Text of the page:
David: They don’t come out because it’s still a problem for actors.  You are type cast in this business and coming out can limit what you play.  I don’t think actors have a responsibility to be role models.  If that were the case then why stop at coming out?   Being a model citizen isn’t a prerequisite for the job.  And anyway, if you force someone to do the right thing, it’s not the right thing anymore.  That said, I ultimately think you can’t excel in anything if you’re not honest about who you are.  So, a gay actor is kind of between a rock and a hard place (pardon the expression)  I finally decided to be who I was and let the chips fall where they may.   The irony is my career continued to grow.  Maybe not in the way I expected but that’s the beauty of life, you can’t control it completely.   Lastly, times are changing.  Look at Nell Patrick Harris.  He did it.  He is a star and gay and playing a straight dude.   The first gay movie star is right around the corner too.  If I was young and hot I would be looking to be that guy.

Radar: In addition to acting, you also served as a boss on ABC’s drama Brothers & Sisters, serving at various times as a screenwriter, story editor and then as Head Show Runner. Why did you make the decision to also be behind-the-camera?

David: I started to write as an actor.  You have a lot of time on your hands waiting to get a job or in your trailer waiting to act.  It was just an organic transition.  Everything I learned as an actor I use as a writer and producer.

Radar: While it’s not unusual for a TV show to have a single sidekick gay character in it, Brothers & Sisters had three regular characters that were fully formed people, including couple Kevin and Scotty. Did the show ever have to fight to keep any intimate scenes between them in the show, or was ABC supportive?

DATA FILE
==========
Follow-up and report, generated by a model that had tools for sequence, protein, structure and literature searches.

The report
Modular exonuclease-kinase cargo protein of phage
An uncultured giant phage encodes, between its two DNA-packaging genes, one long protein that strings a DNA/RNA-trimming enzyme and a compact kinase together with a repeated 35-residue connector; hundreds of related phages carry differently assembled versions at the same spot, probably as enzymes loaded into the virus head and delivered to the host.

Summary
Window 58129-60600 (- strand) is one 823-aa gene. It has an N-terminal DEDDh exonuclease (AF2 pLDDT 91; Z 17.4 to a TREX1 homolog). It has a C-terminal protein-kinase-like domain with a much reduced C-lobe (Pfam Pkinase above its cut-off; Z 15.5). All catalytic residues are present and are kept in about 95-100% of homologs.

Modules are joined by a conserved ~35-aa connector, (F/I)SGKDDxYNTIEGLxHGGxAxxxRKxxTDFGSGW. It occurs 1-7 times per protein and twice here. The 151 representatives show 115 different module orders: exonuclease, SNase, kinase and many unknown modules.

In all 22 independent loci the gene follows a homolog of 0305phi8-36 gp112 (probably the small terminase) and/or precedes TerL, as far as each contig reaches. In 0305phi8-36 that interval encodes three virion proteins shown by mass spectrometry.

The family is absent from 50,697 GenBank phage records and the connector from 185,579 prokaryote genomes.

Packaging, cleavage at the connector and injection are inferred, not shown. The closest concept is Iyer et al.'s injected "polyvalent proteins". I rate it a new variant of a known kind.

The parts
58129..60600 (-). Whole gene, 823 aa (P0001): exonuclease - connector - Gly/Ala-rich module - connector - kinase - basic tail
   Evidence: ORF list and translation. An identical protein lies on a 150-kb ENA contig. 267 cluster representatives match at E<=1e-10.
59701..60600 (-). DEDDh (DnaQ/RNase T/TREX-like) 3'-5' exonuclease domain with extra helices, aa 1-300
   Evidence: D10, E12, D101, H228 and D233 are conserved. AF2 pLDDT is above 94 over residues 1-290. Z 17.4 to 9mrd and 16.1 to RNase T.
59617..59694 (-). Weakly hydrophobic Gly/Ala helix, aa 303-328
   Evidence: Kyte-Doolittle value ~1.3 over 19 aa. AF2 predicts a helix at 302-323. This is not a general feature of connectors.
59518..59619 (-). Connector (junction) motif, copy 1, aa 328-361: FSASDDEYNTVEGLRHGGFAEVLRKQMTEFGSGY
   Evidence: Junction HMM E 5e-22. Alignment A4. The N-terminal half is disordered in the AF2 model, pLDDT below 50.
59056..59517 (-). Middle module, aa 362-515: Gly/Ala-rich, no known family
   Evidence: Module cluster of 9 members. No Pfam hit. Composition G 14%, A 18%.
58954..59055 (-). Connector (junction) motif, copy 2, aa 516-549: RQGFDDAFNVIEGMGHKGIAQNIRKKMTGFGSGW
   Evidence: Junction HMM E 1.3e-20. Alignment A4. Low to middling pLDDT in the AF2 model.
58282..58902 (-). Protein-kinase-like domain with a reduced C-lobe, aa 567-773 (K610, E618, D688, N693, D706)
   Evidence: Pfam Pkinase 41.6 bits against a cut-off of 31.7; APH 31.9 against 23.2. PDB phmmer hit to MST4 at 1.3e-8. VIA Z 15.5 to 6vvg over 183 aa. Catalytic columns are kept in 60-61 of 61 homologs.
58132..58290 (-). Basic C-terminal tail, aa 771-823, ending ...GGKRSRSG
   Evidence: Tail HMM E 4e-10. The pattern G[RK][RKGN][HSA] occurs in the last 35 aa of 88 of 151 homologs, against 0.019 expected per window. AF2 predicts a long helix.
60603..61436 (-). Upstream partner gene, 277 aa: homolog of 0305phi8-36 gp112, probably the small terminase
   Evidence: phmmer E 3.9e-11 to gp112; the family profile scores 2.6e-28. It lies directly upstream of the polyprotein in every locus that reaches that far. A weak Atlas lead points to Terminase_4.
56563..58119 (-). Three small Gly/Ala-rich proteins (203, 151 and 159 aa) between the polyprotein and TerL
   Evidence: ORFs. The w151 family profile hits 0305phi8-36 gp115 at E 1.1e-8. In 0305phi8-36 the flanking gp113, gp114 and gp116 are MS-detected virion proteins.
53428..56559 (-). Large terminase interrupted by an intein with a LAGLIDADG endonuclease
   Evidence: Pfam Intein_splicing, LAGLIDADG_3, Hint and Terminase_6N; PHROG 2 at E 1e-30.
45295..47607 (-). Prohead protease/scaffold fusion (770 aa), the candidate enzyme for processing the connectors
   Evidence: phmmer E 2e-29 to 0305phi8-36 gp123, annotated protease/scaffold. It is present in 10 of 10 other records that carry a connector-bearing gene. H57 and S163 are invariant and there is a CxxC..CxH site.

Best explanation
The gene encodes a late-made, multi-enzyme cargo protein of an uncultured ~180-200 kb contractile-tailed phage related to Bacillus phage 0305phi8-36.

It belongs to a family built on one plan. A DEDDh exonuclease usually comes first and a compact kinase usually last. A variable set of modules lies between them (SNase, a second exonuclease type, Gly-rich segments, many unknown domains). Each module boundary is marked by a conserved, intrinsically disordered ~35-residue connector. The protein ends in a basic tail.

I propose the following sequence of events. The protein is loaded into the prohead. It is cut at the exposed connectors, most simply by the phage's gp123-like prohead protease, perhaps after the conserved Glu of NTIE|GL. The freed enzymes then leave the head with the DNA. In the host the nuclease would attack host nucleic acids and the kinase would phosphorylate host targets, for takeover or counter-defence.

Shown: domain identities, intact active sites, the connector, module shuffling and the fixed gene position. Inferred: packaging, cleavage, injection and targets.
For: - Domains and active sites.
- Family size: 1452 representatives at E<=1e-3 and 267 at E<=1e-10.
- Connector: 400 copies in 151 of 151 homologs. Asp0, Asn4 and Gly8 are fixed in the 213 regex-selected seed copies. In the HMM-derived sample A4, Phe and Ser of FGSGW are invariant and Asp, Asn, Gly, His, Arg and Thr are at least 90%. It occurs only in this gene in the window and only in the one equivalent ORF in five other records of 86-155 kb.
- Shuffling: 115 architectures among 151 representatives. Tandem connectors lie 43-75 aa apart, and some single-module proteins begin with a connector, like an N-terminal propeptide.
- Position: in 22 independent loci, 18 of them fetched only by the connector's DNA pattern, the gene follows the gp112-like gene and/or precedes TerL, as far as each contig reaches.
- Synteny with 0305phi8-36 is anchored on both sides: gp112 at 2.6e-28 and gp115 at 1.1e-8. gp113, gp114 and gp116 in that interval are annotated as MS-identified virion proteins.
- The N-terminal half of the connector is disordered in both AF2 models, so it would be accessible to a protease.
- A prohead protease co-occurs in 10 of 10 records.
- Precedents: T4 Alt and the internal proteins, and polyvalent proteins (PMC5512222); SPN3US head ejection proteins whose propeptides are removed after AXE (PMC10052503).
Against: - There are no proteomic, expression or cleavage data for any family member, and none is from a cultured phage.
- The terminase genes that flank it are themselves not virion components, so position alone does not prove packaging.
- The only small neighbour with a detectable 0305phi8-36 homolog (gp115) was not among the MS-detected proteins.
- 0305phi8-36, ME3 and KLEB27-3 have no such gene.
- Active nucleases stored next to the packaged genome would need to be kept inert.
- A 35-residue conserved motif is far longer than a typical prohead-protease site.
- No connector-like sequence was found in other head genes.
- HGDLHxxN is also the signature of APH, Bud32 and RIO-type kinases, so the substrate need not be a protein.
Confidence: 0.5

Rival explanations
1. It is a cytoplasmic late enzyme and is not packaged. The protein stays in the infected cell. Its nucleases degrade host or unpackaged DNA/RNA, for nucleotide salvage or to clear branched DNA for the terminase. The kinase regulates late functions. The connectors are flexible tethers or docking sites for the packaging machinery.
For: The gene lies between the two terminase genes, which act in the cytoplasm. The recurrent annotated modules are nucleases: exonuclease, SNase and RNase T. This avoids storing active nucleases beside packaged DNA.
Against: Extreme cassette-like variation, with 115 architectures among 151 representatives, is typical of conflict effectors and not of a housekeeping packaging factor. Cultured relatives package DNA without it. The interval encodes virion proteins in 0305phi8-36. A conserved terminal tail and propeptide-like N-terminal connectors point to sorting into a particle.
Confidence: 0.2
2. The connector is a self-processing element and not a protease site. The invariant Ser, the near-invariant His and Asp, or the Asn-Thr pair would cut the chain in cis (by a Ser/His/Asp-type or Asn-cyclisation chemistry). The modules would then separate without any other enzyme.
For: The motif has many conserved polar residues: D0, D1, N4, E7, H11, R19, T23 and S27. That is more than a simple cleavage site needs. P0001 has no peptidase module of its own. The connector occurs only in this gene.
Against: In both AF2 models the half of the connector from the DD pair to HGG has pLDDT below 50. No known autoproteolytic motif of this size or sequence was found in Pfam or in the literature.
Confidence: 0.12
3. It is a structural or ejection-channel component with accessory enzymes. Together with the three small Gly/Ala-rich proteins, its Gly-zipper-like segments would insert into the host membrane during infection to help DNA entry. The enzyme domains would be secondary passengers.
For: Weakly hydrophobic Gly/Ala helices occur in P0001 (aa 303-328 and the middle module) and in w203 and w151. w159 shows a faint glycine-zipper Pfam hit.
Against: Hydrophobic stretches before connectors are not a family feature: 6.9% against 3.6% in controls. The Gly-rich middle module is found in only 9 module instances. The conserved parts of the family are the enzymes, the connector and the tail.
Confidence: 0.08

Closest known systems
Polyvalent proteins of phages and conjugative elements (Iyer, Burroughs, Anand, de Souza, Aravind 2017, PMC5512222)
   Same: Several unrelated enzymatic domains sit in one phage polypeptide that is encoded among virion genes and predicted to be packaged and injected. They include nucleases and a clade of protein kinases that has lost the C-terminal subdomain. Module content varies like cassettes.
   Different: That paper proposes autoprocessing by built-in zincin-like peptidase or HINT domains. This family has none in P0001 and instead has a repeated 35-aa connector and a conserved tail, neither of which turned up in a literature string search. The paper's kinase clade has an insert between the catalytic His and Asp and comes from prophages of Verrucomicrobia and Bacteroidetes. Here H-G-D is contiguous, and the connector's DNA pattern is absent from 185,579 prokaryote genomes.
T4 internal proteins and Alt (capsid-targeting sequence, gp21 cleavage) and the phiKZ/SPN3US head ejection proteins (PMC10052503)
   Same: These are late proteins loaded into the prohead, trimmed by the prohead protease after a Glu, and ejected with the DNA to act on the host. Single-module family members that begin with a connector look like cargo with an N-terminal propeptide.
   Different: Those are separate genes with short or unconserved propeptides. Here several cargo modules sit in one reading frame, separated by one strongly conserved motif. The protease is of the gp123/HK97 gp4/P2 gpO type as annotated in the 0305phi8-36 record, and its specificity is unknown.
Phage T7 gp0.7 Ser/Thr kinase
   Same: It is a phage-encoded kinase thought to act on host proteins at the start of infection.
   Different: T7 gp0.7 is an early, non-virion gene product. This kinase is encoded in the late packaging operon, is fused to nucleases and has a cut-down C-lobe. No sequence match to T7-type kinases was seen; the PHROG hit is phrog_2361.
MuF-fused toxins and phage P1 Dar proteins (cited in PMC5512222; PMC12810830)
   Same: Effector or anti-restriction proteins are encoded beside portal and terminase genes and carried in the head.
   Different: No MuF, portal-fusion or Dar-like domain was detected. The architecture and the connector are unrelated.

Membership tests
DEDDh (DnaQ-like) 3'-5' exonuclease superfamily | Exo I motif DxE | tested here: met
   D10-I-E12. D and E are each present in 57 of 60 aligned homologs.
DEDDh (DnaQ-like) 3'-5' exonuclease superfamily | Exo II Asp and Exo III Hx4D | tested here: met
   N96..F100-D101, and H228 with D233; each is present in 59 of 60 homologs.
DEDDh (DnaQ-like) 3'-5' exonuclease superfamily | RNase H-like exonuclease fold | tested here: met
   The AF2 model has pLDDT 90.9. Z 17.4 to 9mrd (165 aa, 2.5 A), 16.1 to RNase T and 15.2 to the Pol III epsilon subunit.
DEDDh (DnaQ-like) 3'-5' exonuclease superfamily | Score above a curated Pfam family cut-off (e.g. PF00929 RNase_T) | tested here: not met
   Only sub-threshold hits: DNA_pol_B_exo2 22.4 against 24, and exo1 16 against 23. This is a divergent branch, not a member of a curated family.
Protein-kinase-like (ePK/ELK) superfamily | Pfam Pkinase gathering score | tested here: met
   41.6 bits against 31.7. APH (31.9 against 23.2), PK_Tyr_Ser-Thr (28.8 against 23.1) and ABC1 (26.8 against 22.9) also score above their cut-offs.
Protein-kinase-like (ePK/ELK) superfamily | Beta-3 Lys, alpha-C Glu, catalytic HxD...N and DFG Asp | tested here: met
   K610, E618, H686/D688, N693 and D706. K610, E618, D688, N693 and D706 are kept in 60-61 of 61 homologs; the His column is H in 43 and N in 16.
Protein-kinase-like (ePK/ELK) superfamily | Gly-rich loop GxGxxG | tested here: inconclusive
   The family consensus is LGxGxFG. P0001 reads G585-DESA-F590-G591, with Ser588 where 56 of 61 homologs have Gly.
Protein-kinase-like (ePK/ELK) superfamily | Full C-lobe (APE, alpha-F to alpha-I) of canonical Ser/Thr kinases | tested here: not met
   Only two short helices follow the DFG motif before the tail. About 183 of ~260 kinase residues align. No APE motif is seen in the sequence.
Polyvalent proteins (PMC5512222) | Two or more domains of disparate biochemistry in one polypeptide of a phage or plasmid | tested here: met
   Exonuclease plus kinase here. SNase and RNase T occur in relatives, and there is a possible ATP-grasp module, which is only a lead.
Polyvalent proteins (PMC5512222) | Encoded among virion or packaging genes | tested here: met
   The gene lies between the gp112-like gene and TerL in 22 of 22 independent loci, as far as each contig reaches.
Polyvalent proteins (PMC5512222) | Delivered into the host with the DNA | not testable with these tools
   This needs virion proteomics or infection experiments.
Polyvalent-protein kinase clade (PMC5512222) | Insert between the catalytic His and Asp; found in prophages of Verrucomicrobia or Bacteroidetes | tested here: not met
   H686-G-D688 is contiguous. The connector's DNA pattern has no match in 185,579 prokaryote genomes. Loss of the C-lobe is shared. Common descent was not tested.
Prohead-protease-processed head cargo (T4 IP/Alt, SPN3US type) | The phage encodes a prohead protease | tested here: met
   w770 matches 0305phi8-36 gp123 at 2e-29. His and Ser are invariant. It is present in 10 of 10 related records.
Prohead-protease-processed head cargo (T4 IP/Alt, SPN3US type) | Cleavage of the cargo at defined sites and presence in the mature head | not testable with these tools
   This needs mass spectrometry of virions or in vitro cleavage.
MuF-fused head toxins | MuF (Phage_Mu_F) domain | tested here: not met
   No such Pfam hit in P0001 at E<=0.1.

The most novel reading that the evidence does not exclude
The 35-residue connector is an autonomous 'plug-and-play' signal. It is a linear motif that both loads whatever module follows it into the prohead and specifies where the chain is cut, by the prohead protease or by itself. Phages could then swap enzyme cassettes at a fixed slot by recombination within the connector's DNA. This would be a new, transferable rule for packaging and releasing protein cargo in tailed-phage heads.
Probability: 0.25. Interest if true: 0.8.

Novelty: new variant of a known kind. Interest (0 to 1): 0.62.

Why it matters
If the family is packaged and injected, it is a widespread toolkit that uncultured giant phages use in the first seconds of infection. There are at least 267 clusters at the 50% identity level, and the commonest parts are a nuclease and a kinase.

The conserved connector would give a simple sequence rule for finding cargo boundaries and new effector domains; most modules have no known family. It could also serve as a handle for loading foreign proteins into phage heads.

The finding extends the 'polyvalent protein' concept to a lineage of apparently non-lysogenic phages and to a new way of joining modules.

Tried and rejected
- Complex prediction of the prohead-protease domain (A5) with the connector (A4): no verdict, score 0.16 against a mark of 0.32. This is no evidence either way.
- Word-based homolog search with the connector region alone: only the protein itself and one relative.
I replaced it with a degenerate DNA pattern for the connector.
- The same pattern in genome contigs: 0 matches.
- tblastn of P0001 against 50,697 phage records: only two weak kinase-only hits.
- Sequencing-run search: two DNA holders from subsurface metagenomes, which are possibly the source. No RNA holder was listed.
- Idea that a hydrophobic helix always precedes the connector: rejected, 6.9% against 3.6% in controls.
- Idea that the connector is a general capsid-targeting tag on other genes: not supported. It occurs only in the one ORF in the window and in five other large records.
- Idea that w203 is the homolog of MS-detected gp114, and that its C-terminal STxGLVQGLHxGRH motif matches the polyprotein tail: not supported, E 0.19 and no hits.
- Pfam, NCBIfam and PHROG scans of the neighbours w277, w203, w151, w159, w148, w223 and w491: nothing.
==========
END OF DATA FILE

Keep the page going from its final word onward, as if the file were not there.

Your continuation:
David: ABC should get a LAMDA award. Thirty something, Kev and Scotty. Not to mention Uncle Saul and Richard Chamberlain face.  Come on, ABC is the best.

Radar: You must feel very gratified in being in a position to present complex and fully formed gay characters on television.

David: Yes. As Harvey Milk said, coming out is the most important thing we can do. I’m glad to be a part of TV coming out.

Radar: What’s your take on Glee, which features not just gay character, but young gay characters? Like thirtysomething, do you see Glee also as groundbreaking?

David: Glee is a game changer. The epic battle we face as gay people is really waged high school. To see gay kids be who they are, date, love, express themselves at that age… it’s the most important thing you can show. I never had that. Not just because I can’t sing but because of the times I grew up in. High school was where I first learned to hide who I was. To hate myself. Glee is the answer.

Radar: As most fans of Brothers & Sisters probably know by now, last month, ABC sadly canceled the show. What was the cast’s reaction? Were you surprised or did you see it coming?

David: We knew we were on the bubble.  It was sad to end it, but it was a long run.

Radar: Is there any chance that ABC will order a one or two-hour Brothers & Sisters final special episode so any loose ends in the storyline can be wrapped up?

David: I don’t think so.  And I kind of liked the way it ended.  Nora is finally in love, Sarah gets married to Luc, Kevin and Scotty have a family with two kids, Justin is about to move on, Tommy already has, and Kitty is pregnant and in love.  Not bad for a family that had its share of problems over the last five years.

Radar: In addition to your TV and stage work,  in 2006, you nabbed a plum film role — playing Anne Hathaway’s dad in the wickedly funny The Devil Wears Prada. That must have been a lot of fun.

David: Totally.

Radar: I’d imagine as Anne’s ‘honorary dad’, you must have been extremely proud when she co-hosted the Oscars, making her the youngest host in Oscar history.

David: She had to be the youngest if she was my daughter, right?

Radar: So what’s next for you?

David: I am working on Smash on NBC. We’re putting on a Broadway musical. What more could a gay boy want…

Check out David’s professional credits on IMDB